Did the video generate any controversy that you know of?
Nope. Not as much as Bailey’s picture of my rope-tied legs.
Do you have a copy of that image?
Bailey’s poster was banned. I don’t have a copy.
Which Bryan Adams video that you were in was your favorite?
I love them all. It was so fresh—pounding with energy. But in truth it was super-cool being #1 on Top of the Pops. You kinda had to have been here, in Blighty [the UK], with our three little channels…Top was massive.
Did any video you did affect your dating life in any way (i.e. when you first told boyfriends you were in it)?
Well, Depeche Mode “I Feel You” certainly made me quite popular. But I was married by then. It was a different era. Rock videos were what other people did. Not serious actors—darling!
Did you receive fan mail? If so, do you still have any of it?
Er, yes. Still do. I think you need to google me.
What were you paid per video?
Did you watch the MTV World Premiere of the video, and if so, where and how did that feel?
Were you ever recognized in public? How often and when last? Any stories about that?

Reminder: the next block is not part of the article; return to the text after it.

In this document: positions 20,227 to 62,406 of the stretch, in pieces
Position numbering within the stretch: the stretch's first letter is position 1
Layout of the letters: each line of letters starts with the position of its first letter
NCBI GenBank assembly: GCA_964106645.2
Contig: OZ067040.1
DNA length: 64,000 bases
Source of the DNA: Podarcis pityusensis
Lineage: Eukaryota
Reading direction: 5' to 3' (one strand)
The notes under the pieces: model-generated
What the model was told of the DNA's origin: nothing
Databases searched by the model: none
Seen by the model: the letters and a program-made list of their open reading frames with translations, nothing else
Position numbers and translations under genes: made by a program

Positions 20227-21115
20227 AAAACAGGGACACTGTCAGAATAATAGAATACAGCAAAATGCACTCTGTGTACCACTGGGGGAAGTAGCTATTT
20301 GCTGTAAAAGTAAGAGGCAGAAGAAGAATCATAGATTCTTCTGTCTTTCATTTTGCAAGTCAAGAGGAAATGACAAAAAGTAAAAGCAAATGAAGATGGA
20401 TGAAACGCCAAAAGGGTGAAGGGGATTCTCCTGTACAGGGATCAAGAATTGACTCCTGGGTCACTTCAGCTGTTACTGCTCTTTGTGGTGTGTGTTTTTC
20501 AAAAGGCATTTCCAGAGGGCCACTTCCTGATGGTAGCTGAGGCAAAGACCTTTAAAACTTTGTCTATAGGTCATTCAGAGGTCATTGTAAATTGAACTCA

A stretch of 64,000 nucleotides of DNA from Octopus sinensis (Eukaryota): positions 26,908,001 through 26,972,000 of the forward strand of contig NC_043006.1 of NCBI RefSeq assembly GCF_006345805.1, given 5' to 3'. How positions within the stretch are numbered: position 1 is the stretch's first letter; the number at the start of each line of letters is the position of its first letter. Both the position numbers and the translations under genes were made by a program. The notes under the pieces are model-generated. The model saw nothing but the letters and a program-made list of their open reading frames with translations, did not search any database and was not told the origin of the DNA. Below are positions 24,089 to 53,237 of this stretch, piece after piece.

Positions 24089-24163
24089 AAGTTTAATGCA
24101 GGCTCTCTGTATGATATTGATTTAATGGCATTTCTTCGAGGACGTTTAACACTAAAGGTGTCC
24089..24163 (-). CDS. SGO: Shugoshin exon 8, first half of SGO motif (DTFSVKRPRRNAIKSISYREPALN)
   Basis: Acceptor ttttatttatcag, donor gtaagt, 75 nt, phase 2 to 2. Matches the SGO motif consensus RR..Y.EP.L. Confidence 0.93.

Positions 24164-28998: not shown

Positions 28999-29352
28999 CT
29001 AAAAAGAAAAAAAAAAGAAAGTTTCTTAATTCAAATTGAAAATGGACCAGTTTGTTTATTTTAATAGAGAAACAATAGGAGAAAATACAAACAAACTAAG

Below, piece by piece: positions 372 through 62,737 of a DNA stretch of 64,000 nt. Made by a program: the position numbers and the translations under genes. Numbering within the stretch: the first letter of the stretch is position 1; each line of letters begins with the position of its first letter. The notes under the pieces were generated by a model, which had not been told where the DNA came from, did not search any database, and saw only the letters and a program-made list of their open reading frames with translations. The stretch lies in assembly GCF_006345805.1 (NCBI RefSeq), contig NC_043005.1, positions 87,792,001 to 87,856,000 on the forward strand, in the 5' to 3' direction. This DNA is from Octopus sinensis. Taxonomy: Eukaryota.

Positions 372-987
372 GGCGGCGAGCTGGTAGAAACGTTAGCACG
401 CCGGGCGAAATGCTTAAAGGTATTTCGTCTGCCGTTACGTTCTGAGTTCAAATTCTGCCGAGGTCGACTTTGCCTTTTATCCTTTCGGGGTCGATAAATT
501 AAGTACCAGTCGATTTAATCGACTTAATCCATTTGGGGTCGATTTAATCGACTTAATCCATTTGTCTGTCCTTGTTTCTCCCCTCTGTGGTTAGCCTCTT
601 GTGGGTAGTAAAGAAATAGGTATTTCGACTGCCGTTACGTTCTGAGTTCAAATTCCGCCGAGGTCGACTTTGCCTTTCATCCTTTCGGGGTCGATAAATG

Still am, bizarrely. From a Tel Aviv supermarket to Willesden Green bus stop.
The best story: at a concert in Hyde Park, [with] over 50,000 people [in attendance], myself and my two young stepsons were passed from the back of the crowd, over all their heads, carried on high, hand after hand, to the front. It was amazing! My youngest, Dylan, said that night, “Oh, you are the coolest stepmum.”
Bryan has always stayed in touch. A postcard from here, a random call from there, tea at least every 10 years. He once played me a few bars of “When a Man Loves a Woman” [MTN: she may mean “Have You Ever Really Loved a Woman?”] over the phone, asked me what I thought. I replied that I was sure most women would grip their steering wheels tight hearing that one.
When in New York shooting Woody Allen’s Husbands and Wives, I went to watch Bryan record the Spanish version of another beautiful song. I forget now. We’ve been in each other’s lives for a long time. Not every day, just in the periphery. I love that.
If you ever met other women who were female leads in a mainstream ‘80s rock video, who?
We’ve all done so much. You need to do a little homework!
If you went to university, where and what did you study?
Nope. Started work at 16 and 33 years later I’m still learning.
What are you doing these days?
Busy on a yearlong tour with the Agatha Christie Theatre Company. [NOTE: Lysette has extensive theater/film/TV credits, easily searchable.]
Where do you live?
My son and I have homes in London and seaside Norfolk.
If you are/were married, what was your future husband’s reaction when he learned you were in this video?
It simply was a fun gig.
How old is your son?
Jimi (after Hendrix) is 9 (going on 16)!
What does he think of the video?